The Duffington Post

 
 

Warning: this column may contain aesthetic, think piece nonsense, as Cormac Duffy argues that pop needs to get ugly

Those of us who love a proverbial dance about architecture talk a lot about beauty in sound’s most popular subgenre, in that overwhelming, transcendent “I’m crying and running in the rain while listening to ‘Holocene’” way (don’t act like you haven’t done that). What we tend to ignore, however, is ugliness in music. By this I mean music the average listener finds unpleasant and repellent; sounds that are dissonant, loud, crass or just plain noisy. Music that if it were a face would have the lips of Lana Del Rey, the nose of Michael Jackson and the teeth of Shane McGowan

Yet it is all around us, not just on the laptops of Ministry fans. With Cloud Nothings’ latest record paying tribute to the shambolic, aggressive rock of post-hardcore America as a deserved ‘Up yours!’ to the era of pretty, vapid Instagram indie, and Nicki Minaj’s demented, almost atonal ‘Stupid Hoe’ sending fans of her usual pop precision running, ugliness is at play.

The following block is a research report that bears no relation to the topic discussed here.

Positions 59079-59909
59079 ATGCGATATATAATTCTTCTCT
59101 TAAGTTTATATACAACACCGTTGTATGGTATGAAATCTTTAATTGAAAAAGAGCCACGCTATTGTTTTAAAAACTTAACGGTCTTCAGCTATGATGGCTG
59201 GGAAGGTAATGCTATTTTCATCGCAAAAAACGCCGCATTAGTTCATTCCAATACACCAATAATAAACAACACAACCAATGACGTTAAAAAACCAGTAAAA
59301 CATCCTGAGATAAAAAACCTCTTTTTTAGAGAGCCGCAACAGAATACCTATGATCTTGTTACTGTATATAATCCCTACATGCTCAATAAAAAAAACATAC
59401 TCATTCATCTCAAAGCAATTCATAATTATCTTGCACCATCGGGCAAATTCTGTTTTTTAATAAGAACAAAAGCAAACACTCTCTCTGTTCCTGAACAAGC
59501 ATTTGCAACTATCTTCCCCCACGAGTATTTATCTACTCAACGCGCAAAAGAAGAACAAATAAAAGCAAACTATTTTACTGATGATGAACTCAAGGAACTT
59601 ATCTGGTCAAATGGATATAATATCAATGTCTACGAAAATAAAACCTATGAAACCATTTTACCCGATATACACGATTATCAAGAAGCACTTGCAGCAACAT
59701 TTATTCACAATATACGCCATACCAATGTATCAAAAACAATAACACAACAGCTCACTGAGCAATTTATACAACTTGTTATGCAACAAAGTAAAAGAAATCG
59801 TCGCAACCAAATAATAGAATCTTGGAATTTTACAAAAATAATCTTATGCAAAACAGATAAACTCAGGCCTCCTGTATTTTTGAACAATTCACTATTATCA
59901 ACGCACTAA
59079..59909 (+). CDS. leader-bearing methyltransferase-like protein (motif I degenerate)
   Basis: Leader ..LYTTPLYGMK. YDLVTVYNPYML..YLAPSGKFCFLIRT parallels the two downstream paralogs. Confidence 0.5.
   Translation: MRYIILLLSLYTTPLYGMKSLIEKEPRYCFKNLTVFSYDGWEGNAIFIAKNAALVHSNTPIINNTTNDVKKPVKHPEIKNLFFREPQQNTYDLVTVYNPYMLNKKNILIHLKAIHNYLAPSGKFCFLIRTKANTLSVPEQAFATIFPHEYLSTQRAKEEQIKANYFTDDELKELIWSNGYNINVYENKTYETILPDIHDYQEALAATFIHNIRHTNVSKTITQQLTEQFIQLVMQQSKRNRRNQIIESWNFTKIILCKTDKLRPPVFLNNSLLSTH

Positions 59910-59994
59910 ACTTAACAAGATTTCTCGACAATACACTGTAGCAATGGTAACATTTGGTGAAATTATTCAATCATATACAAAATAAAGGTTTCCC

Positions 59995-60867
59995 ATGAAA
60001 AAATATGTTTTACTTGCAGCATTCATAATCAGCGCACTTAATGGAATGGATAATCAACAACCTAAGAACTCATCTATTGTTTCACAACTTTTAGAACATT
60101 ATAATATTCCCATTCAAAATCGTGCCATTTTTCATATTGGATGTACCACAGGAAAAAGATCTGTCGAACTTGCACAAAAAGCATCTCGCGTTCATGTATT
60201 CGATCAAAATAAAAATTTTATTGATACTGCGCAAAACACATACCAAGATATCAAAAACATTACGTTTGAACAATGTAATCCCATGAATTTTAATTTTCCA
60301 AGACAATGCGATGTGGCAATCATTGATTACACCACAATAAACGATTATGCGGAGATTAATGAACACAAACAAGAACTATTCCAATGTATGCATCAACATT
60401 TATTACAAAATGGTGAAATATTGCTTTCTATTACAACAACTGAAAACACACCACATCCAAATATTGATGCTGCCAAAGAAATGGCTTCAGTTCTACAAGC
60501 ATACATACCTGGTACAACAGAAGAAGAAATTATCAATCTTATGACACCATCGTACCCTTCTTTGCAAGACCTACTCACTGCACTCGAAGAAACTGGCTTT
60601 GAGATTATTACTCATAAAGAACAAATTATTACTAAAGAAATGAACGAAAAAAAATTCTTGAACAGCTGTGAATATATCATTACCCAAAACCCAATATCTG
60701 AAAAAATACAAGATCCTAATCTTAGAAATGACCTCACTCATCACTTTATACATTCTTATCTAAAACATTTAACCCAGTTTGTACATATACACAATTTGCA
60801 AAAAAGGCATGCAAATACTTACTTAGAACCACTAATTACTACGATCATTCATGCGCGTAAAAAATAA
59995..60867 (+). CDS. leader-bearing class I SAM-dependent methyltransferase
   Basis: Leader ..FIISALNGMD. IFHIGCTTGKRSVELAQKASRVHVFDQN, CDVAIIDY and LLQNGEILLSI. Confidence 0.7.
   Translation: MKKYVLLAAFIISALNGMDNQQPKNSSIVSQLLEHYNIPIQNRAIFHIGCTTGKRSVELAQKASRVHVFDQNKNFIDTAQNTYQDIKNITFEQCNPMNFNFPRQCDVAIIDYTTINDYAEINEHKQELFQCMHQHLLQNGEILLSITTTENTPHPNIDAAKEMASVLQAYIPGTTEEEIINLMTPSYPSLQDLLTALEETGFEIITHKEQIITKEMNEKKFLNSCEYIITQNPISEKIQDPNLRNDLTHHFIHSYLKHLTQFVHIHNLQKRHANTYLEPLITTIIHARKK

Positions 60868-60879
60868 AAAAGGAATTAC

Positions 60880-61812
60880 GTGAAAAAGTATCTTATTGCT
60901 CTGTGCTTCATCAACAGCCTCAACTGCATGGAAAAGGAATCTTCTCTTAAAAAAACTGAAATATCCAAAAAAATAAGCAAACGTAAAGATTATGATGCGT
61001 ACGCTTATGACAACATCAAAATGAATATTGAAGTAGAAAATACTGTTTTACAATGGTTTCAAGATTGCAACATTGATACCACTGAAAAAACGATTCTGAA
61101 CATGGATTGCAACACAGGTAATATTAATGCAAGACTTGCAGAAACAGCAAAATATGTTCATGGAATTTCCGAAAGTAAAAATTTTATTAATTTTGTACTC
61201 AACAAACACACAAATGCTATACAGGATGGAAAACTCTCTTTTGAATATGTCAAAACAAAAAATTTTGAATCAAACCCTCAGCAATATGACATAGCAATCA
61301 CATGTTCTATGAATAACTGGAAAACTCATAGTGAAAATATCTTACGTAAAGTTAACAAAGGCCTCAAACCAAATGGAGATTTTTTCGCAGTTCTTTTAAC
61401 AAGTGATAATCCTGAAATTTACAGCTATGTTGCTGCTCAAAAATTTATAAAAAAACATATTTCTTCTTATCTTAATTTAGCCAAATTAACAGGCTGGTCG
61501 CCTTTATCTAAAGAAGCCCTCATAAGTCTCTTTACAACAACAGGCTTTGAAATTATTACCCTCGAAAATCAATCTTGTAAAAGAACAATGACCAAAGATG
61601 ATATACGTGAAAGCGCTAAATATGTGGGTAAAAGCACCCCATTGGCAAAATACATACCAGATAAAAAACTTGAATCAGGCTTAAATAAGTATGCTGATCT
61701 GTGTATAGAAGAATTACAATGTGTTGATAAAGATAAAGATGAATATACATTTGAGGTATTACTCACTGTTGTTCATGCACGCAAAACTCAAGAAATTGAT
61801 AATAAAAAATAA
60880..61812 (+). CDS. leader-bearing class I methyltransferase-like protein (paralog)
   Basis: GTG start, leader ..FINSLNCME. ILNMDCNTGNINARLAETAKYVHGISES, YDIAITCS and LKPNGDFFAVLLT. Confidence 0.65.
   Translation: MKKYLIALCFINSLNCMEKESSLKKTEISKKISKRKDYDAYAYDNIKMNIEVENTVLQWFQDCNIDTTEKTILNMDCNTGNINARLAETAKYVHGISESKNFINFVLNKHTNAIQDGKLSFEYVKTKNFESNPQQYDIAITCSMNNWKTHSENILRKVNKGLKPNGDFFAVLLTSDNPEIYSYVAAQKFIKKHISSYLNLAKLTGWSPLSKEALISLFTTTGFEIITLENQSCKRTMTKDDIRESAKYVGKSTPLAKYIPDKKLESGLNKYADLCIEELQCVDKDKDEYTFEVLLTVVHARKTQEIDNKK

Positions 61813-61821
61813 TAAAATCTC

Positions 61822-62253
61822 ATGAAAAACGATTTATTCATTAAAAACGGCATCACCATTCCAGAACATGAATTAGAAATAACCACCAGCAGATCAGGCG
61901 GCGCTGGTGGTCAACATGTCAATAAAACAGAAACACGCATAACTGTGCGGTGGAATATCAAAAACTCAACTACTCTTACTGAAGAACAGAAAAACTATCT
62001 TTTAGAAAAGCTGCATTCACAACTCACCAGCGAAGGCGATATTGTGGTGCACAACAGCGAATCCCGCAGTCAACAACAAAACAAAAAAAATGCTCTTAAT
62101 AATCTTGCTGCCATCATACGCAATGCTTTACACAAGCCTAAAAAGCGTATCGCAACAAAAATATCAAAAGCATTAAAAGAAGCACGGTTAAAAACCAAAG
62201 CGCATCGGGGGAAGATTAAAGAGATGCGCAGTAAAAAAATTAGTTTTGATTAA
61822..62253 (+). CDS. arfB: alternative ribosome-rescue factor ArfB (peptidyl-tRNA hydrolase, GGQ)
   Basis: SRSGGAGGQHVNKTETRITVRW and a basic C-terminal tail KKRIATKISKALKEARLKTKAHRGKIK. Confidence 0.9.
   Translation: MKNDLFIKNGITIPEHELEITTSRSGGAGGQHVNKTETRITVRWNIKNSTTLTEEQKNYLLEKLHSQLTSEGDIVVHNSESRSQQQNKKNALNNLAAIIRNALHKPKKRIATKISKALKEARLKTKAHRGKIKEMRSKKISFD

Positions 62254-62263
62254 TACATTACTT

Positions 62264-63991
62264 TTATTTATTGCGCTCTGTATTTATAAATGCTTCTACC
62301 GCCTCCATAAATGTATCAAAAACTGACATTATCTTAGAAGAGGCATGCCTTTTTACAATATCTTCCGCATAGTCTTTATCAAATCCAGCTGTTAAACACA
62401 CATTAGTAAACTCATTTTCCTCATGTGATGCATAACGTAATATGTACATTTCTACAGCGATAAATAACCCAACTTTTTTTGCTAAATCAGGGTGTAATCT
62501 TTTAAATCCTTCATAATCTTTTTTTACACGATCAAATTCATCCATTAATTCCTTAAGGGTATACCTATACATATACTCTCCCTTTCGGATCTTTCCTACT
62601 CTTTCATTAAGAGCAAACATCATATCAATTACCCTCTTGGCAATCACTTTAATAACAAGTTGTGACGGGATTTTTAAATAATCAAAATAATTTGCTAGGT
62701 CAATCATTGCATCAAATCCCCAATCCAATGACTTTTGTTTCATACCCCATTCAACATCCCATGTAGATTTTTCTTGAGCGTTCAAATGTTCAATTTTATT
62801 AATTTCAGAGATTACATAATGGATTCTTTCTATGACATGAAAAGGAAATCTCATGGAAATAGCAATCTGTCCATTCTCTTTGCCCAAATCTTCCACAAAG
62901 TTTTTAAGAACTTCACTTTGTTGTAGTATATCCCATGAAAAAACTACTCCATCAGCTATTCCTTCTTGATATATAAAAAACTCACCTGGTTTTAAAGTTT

It matters too. If we want to maintain that collective belief/superstition that pop music is art, it needs to be more than the ritualistic, shift-preceding dance-floor fodder of the charts, or the sonic potpourri vomited out by every sensitive singer-songwriter and stoned teenager with a synth. It needs to challenge us to warrant the effort of a critical listen. Ugliness not only guarantees that we are pushing ourselves to actively listen rather than passively absorb, but is often the obvious symptom of fresh ideas.

The first time society encounters any boundary-pushing music, whether it’s Schoenberg or Slayer, or even the wild noise that some heard in early rock and roll, odds are it’ll feel a surprise lobotomy. That these sounds soon become accepted shows how ugliness pushes out our tastes and thus broadens the range of expression we can have as performers or interpreters.

Even in baser terms, we use music as a lens through which we view the world. You don’t need to be an ivory tower academic to appreciate the use of visual art or cinema for shattering aesthetic norms and tackling the darker side of life. I struggle to believe that music as thematically dark and aesthetically harsh as the likes of Black Swan could be as popular. Music is set aside by the average consumer for simpler things; heartache, celebration and having moves like Jagger.

Too many people instinctively flee from music that is superficially tough, unpleasant or difficult, rather than persevere to see its real meaning. Music has no duty to amuse us. It can, and should, be as brutal and unpalatable as it needs to be to satisfy its artistic aspirations. If we think that aspiration is important, the onus is on us to put in the effort before we cast it aside

Advertisements